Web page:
Picture the Klein Karoo 350 years ago. Its beauty awe inspiring with deep blue skies, glowing red rocks and succulents scattered across the land. The big five (Lion, Leopard, Rhino, Elephant and Buffalo) roam free and are found thriving in a seemingly unforgiving landscape. Incredulously, this harsh environment that is classed as a semi arid desert has the ability to sustain South Africa’s greatest game.
Now, insert modern man. The farmer to be more accurate. In a nutshell? The beautiful animals disappeared and everything changed.
It sounds like a rather sad story and in truth, man has a lot to answer for. I could discuss at length how we are destroying our planet but instead I am going to tell a tale of the glass half full.
A reserve that is doing everything in their power to reintroduce animals that once roamed free in the Klein Karoo and restore balance and sustainability to a landscape all but denuded in the interest of human settlement and western progress.
Sanbona wildlife reserve is one of the largest private game reserves in the world, covering roughly 54 000 hectares. It boasts several lodges on the farm and I stayed at Tilney Manor, more suited for a couples retreat. Tilney Manor is a beautiful house that dates back to the early 1900’s and is run by friendly staff.
The manor offers a rim flow pool, spa, outside showers on your patio and a view over the entire Karoo from your luxurious bedroom complete with fireplace to keep you warm in the winter.
The reserve is owned by the Caleo Foundation, in association with Shamwari Group an NPO with a clear vision to conserve both people and animals on an equal footing, since both feed off the success of the other in a well balanced symbiotic relationship.
I grew up going to the bush further north. The landscape is thick, lush and green close to the Kruger National Park. The Klein Karoo is the opposite. I was aware that the reserve host the big five but I couldn’t quite picture it. How did these animals survive this climate? There aren’t many trees to offer the animals respite from the scorching sun and at night temperatures can plummet to well below zero.
It is testament to the strength of the animals to not only survive but thrive in this habitat and I could not wait to go on safari and see them.
I was lucky enough to experience two game drives a day with an incredibly knowledgeable ranger, Chris, in one of the newly appointed safari vehicles which ensured a luxurious drive throughout the reserve.
Our first sighting was something I haven’t experienced before. Since the game vehicles are not allowed to venture off the road, we alighted and took to the bush on foot.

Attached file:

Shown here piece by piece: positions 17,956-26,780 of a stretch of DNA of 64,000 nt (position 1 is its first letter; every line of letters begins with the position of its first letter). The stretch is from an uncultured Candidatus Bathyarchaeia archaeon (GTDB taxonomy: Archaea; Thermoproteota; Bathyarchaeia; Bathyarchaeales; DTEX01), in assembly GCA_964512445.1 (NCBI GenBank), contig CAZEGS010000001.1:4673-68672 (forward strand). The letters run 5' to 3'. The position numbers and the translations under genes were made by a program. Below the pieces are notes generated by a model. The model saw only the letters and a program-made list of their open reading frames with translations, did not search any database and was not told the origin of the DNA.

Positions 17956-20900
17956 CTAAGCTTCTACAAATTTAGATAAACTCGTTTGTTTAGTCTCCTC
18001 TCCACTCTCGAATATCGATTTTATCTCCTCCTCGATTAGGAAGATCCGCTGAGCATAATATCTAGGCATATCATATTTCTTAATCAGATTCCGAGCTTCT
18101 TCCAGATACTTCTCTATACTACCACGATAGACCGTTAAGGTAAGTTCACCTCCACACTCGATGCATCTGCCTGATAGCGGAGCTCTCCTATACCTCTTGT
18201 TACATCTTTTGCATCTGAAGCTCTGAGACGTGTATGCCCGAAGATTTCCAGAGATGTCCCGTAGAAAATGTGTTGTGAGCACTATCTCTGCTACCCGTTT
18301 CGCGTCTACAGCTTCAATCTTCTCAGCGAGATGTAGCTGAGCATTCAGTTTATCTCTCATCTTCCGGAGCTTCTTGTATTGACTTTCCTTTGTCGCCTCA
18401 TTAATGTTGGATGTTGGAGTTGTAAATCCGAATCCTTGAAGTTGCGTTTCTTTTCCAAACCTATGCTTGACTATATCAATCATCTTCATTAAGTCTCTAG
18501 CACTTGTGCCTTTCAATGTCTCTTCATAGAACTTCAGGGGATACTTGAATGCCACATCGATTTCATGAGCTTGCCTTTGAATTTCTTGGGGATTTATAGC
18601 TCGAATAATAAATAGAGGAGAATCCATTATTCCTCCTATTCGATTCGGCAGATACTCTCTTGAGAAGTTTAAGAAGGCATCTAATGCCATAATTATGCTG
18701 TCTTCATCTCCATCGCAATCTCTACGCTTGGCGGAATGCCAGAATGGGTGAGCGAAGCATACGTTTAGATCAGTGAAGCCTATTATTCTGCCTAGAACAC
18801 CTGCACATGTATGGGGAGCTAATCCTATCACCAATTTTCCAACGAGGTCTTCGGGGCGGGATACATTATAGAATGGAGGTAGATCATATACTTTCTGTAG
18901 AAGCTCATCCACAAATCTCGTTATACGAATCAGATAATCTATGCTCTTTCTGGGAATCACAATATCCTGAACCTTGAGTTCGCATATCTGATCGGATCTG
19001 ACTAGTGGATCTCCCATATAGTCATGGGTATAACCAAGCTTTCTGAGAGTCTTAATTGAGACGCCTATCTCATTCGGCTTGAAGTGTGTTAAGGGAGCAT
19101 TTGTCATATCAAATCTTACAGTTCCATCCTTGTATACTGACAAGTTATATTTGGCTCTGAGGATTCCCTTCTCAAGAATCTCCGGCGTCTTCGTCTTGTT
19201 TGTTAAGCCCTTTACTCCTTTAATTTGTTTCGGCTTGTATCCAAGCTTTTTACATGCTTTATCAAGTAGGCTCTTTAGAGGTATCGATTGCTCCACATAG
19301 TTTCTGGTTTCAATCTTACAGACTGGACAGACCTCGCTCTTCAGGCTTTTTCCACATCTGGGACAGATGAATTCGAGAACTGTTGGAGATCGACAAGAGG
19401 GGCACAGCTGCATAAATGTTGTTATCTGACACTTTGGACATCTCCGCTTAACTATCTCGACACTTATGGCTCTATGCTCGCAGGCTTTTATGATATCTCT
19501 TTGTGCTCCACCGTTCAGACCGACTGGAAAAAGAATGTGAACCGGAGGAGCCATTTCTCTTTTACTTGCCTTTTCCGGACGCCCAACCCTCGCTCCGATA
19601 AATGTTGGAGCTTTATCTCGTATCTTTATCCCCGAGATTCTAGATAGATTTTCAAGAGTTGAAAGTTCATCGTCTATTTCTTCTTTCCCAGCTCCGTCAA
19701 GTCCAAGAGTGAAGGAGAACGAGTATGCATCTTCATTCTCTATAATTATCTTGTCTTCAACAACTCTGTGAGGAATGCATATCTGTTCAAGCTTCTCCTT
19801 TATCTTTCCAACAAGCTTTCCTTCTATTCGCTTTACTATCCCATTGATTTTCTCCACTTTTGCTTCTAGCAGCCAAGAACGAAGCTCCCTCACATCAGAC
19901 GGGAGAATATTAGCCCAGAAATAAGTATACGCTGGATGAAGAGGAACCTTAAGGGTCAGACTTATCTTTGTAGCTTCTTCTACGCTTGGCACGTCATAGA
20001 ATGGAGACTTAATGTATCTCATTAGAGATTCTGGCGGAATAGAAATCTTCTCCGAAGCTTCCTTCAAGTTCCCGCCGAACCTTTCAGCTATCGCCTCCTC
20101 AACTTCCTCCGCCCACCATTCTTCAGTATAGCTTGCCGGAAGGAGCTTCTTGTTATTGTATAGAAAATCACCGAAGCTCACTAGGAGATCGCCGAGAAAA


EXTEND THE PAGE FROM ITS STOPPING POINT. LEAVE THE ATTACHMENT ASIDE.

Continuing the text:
After walking for about 250 metres we were stopped and briefed on the animal we were about to see, *Insert keep calm here*
Amazingly, we were upon a female cheetah with a fresh kill, less than 20 meters away. I stood in awe of such a majestic animal.
Every sighting was humbling to say the least. The reserve has 6 lions, 3 of which are white lions. White lions are a result of a recessive gene and are beyond magnificent to see in the wild.
The Lions at Sanbona are some of the last remaining white lion left on planet earth that continue to hunt for themselves in the wild.
With buffalo and an amazing elephant herd sighting to follow, we were spoilt. We experienced a safari by boat and caught sight of the reserves hippo pod.
Each afternoon drive was finished off with sundowners and a beautiful view. To stand in silence and take in the Klein Karoo was simply spectacular! I had to take a moment and just… breathe.
The food is centered on traditional South African cuisine and meals are served outside on the patio (weather permitting).
We were treated to a traditional South African braai, which in my books you can never go wrong with! Sipping gin and tonics around the open fire we talked about our days of exciting sightings with other guests and gazed up at the milky way.
The food is unpretentious and made with love. The Chef is local and is truly a man who puts his heart and soul into his food.
My favorite dish was the crispy pork belly with camembert and juicy fig, finished off with the perfect crème brulee.
Thinking back over the last two days of my time at Sanbona and the amazing animals I saw, I felt a sense of hope. Hope, that game reserves such as Sanbona and the wildlife conservation programs they are running - one day, the beautiful landscape will be restored to its former glory.
Hope that one day we can truly view nature as it should be, with respect for all things great and small.
*If you would like to donate and help raise awareness against poaching in South Africa then click here. EVERY cent helps.
*This blog post was sponsored by Sanbona wildlife. All opinions are my own.